All month we’ve looked back at the African-American actors, directors, and films that graced cinema screens throughout history. We’ve celebrated the likes of Sidney Poitier, Denzel Washington, Spike Lee, and Voila Davis. The legacy of African-Americans on film is a long and brilliant one. In our last installment for Black History Month, Monkeys Fighting Robots looks to the present at creative talents who are making fantastic entertainment today. The future of African-Americans on film looks bright, and we can’t wait to see what comes next!
Comedian, musician, actor, writer, and all-around unstoppable force of entertainment. Glover co-starred on the cult hit TV comedy Community, a hit comedy special, has a rap album, stars in a comedy where plays a rapper. In 2018, Glover will play Lando Calrissian, the smooth-talking friend of Han Solo in the next installment of Star Wars. As if Star Wars stardom weren’t enough, Glover will also appear in Spiderman: Homecoming in 2017 and will voice Simba in the remake of The Lion King. Glover’s making the future of black history better with every role.
Only 23 years old, Keke Palmer is already a film and TV veteran with roles dating back to 2004 when she was ten years old. Palmer currently stars as Zayday Williams, the whip-smart final girl (?) of Fox’s campy horror series Scream Queens. In 2015, Palmer released her first album “So Uncool” under Island Records. The multitalented Palmer might sound familiar to kids or fans of animated movies as the voice of Peaches from two ice age films. The future for Keke is bright with two films coming in 2017 and more music, while Scream Queens lives in limbo.
If you don’t know Mahershala Ali, it’s because he’s that good of an actor. The actor’s nominated for Oscar for his performance in Moonlight and played a role in another Oscar-nominated film, Hidden Figures. Ali is a regular on House of Cards and played Cornell “Cottonmouth” Stokes in the Netflix/Marvel series Luke Cage. After a year like 2016, Ali co-stars in Roxanne Roxanne slated for release this year. In 2018, Ali plays Vector in the long-delayed Alita: Battle Angel directed by Robert Rodriguez.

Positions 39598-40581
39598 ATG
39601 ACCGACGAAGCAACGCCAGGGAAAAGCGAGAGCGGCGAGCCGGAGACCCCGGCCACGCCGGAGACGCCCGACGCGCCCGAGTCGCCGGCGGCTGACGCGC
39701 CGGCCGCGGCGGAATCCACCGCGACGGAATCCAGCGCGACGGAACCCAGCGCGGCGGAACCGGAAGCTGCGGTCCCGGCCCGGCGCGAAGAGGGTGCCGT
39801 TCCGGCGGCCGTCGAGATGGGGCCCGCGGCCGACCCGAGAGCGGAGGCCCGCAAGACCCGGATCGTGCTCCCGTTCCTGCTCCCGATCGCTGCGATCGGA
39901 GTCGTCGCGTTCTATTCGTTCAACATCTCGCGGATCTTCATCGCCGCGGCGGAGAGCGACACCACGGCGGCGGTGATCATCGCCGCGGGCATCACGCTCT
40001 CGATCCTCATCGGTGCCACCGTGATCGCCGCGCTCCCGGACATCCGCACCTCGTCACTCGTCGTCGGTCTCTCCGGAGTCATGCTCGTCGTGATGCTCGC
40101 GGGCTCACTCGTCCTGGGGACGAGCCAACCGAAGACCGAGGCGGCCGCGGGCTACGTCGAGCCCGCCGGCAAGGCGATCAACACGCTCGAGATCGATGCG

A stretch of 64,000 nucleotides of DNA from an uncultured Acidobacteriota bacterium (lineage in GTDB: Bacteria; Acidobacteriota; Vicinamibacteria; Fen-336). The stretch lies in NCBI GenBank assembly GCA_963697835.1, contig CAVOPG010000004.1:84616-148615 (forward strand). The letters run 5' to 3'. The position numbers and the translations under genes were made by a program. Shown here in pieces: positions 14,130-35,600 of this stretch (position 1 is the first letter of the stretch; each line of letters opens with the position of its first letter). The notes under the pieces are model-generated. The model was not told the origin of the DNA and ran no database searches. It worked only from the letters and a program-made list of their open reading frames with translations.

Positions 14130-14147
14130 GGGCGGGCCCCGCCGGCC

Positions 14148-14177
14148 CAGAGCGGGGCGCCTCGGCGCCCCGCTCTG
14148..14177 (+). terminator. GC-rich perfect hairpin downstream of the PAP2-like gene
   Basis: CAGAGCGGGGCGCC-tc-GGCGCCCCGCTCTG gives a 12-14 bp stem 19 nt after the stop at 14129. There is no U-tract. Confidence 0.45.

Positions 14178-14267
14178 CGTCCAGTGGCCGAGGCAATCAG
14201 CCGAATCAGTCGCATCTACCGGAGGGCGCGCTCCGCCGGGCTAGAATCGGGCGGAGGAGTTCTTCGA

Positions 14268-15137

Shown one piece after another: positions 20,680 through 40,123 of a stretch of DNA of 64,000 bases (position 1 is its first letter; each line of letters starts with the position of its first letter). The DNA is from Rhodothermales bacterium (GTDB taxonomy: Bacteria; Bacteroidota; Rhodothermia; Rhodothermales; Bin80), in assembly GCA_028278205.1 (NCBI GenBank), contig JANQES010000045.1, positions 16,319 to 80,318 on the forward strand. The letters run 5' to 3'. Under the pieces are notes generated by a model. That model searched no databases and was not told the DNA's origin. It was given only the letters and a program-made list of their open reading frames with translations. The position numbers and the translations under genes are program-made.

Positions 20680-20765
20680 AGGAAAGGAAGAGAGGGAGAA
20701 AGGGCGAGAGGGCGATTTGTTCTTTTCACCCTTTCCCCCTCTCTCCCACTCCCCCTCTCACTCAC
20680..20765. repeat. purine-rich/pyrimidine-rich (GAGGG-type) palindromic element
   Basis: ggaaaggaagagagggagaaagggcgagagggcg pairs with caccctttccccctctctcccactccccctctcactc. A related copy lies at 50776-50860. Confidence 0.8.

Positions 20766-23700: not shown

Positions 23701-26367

It would be a scandal to keep Kerry out of this. See what I did there? Kerry Washington is a treasure in our look at the future of black history. Washington is the multi-award-nominated star of hit series Scandal, now in its sixth season. Washington flexes her acting muscles in several indie films including the powerful Night Catches Us. In 2012, she starred in Tarantino’s Django Unchained. Last year Washington was nominated for her role as Anita Hill in the HBO film Confirmation.
Michael B. Jordan
The star of Creed, the film that reinvigorated the Rocky franchise, Michael B. Jordan’s filmography is quickly filling up with impressive movies. Before Creed, the young actor co-starred in movies such as Red Tails and Chronicle. In 2013, Jordan’s critically acclaimed performance in Ryan Coogler’s Fruitvale Station took him to a new level. Jordan’s unfortunate attempt at playing Johnny Storm in 2015’s Fantastic Four aside, he’ll be playing Killmonger in Marvel’s Black Panther in 2018.
A twenty-year veteran of film and TV, Octavia Spencer made waves in 2011 with her Oscar-winning role in the movie The Help.Two years later she received heaps of praise for playing Wanda Johnson in Ryan Cooler’s Fruitvale Station. For Zootopia fans she’s the worried Mrs. Otterton. Spencer’s role in Hidden Figures received several award nominations, including another Oscar nomination. In 2017, Spencer is slated to host Saturday Night Live and has three films set to release.
Everyone knows him as Falcon, the guy who gets no upgrades from Tony Stark what-so-ever in the Marvel Cinematic Universe. But action movie fun aside, Mackie is a phenomenal actor who showed incredible depth and range in the Black Panther inspired film Night Catches Us. Many of Mackie’s performances received recognition, including a Best Supporting nomination at the Spirit Awards for his role in Oscar-winning The Hurt Locker.
Documentary filmmaker Dawn Porter isn’t a household name, but she’s in the news plenty. In 2016, Porter’s latest film Trapped debuted and required law enforcement presence at screenings. Why? Porter’s film is essentially a pro-abortion documentary about the adverse effects of anti-abortion laws. Abortion is a touchy subject for a lot of people. Screenings of Trapped encountered protests or threats of violence. Porter, however, does not shy away from the ugly truths of the world in any of her documentaries. You could say that Dawn Porter is keeping the future of black history very real.
To call young director Ryan Coogler a rising star would be an understatement. His first feature film, Fruitvale Station won the Grand Jury Prize and Audience Award at Sundance in 2013. Two years later, Coogler took the helm of the sagging Rocky series and made another Oscar-nominated entry by the name of Creed. For the past several months he’s been working on Black Panther for the Disney-Marvel Cinematic Universe.
Happy Black History Month!